Sec. Frank LaRose has shown signs of standing his ground and resisting partisan pressure - until recently.
Election Integrity Grade
Elected - In Office Since 2019
Budget Allocation For Elections: $17,956,600
Per Capita Investment In Elections: $1.54
In Ohio, elections are overseen by the Secretary of State, a directly elected state officer who serves a four-year term. The current Secretary of State is Republican Frank LaRose; LaRose defeated Kathleen Clyde (D) in 2018, 50.7% to 47.0%. LaRose will be up for re-election in 2022.
Much of what LaRose has done in the lead up to November has been positive. He has been among the most vocal Republicans when it comes to resisting attempts to paint this election as irredeemably corrupt, and he has communicated very clearly to Ohioans on topics like absentee ballot applications and poll worker recruitment. He has a reputation of bi-partisanship.
Which is why it was quite a surprise when, on August 12, he made the inexplicable decision - based on a tortured interpretation of state law - to limit ballot drop-off boxes to one per county. This drew significant criticism from figures like Sen. Sherrod Brown.
Statements on Voter Fraud
Support for Vote By Mail
Secretary of State Frank LaRose has been consistent in pushing back on the baseless claims that this election will be "rigged" by rampant voter fraud - although in his public comments he has engaged in some calculated "both-sidesing". (B-)
Ohio has distributed a COVID-19 readiness plan to all of its county election boards, and has dedicated over $15 million of CARES Act funds to support election needs including training poll workers, relocating poll locations if needed, and PPE. (B+)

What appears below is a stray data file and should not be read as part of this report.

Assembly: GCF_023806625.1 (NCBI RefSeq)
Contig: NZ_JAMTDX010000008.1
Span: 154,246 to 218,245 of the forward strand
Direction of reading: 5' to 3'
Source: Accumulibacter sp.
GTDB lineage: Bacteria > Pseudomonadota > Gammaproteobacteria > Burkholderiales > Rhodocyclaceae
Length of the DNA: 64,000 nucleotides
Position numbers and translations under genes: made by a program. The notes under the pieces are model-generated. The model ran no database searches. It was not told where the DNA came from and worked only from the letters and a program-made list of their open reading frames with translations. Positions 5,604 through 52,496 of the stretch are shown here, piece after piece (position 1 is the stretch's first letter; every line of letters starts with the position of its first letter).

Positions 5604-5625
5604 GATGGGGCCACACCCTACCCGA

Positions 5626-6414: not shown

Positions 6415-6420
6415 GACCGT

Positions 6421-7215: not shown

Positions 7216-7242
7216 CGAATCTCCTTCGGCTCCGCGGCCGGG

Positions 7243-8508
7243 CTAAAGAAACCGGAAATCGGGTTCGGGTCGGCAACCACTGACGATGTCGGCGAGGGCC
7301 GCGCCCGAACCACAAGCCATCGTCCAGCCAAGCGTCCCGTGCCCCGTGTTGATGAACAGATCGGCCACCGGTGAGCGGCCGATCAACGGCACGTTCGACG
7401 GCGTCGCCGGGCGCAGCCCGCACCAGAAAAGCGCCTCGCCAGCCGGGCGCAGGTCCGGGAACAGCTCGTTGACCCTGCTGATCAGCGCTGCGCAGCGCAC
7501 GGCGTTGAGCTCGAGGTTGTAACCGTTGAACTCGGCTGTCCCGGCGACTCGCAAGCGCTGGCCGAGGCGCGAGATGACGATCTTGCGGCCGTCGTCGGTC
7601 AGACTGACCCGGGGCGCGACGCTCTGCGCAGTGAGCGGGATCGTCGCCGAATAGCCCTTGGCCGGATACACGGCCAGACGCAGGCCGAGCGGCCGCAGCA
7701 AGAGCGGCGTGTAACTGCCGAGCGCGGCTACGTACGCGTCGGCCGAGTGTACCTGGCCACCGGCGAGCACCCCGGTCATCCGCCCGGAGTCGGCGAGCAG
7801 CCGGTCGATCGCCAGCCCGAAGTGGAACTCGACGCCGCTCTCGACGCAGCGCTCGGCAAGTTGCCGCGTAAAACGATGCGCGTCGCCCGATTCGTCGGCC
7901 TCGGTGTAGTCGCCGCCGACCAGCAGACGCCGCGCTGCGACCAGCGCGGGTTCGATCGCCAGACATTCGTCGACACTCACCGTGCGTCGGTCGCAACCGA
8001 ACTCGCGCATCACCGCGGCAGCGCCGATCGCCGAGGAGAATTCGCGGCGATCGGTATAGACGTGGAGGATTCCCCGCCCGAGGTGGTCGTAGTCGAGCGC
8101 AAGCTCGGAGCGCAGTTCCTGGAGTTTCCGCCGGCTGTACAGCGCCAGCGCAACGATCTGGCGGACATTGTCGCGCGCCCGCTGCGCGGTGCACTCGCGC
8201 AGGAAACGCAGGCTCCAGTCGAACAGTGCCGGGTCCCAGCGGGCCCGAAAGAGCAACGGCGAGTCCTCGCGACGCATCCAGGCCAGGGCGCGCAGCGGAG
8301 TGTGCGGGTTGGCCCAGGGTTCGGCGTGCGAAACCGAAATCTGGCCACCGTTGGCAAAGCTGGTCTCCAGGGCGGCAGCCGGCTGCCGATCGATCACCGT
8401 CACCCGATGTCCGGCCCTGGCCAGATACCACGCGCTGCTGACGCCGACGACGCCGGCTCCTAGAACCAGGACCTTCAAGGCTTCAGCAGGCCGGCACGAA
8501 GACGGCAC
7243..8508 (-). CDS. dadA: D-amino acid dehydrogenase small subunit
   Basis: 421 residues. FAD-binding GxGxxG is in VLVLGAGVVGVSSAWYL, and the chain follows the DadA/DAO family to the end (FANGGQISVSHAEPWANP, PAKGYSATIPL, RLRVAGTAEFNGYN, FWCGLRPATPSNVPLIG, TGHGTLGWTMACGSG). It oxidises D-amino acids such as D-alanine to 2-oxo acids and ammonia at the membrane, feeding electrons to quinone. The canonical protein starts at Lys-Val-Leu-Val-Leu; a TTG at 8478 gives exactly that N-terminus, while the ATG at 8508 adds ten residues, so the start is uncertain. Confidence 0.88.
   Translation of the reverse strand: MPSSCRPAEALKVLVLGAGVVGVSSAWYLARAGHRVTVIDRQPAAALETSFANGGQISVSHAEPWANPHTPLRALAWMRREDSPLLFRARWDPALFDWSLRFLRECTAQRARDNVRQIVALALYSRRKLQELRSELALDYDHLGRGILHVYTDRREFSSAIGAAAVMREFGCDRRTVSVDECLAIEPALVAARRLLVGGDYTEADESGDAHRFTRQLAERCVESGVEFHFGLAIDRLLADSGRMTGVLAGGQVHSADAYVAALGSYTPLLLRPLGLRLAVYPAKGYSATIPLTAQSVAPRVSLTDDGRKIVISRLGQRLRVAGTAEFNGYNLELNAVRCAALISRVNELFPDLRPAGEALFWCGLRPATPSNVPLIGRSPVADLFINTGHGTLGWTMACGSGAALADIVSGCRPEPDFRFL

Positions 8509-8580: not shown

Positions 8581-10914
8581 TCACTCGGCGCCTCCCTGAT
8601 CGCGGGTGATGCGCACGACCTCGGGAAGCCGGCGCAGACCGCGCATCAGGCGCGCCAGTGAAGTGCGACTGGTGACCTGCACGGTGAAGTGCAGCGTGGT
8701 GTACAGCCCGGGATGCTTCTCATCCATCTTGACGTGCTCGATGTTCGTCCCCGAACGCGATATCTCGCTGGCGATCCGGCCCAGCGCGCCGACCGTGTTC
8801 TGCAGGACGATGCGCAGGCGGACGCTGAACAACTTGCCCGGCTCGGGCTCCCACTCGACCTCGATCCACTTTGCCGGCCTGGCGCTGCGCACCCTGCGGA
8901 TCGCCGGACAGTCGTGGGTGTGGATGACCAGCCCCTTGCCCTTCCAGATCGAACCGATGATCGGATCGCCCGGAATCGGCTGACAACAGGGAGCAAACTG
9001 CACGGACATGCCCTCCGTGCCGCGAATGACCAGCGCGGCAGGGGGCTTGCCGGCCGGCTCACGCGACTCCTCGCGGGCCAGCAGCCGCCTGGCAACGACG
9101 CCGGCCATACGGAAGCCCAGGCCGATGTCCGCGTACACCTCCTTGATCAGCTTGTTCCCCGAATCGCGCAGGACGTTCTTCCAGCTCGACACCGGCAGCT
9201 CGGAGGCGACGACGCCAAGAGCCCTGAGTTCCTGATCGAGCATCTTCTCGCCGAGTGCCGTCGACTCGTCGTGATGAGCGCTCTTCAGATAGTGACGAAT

Ohio will send absentee ballot applications to every registered voter in the state - a good-faith reaction to the increased need for vote-by-mail options. However, LaRose has inexplicably limited drop-off boxes to one per county. (C-)
Ohio uses voting machines that provide a paper backup trail, but its accounting and reconciliation procedures are sub-par, according to the Center for American Progress. Other cyber-security measures in Ohio are not publicly known. (C-)
The nation-wide trend toward increased partisanship has not spared Ohio, with state level battles tearing the legislature apart at times. Gov. Mike DeWine does come from an earlier political era, though, and his edges are softer than some. (C)
No Republican has ever won the White House without winning Ohio. This has made the state an electoral prize for decades. In the 2004 election, Ohio was the focus of significant voter suppression efforts and long lines at the polls. (C)
KEY PUBLIC STATEMENTS
Clearly the Secretary of State thinks he works for Donald Trump - not even Donald Trump the president, Donald Trump the candidate. That’s troubling.
Secretary of State
President Trump and Vice President Biden have both questioned the integrity of our elections recently without citing evidence, and they both need to stop it.
Ohio Attorney General
Anything less than full confidence in the timely receipt of all timely mailed absentee ballots will rob the winners of an honest victory and the losers of the peace that comes from a fair defeat.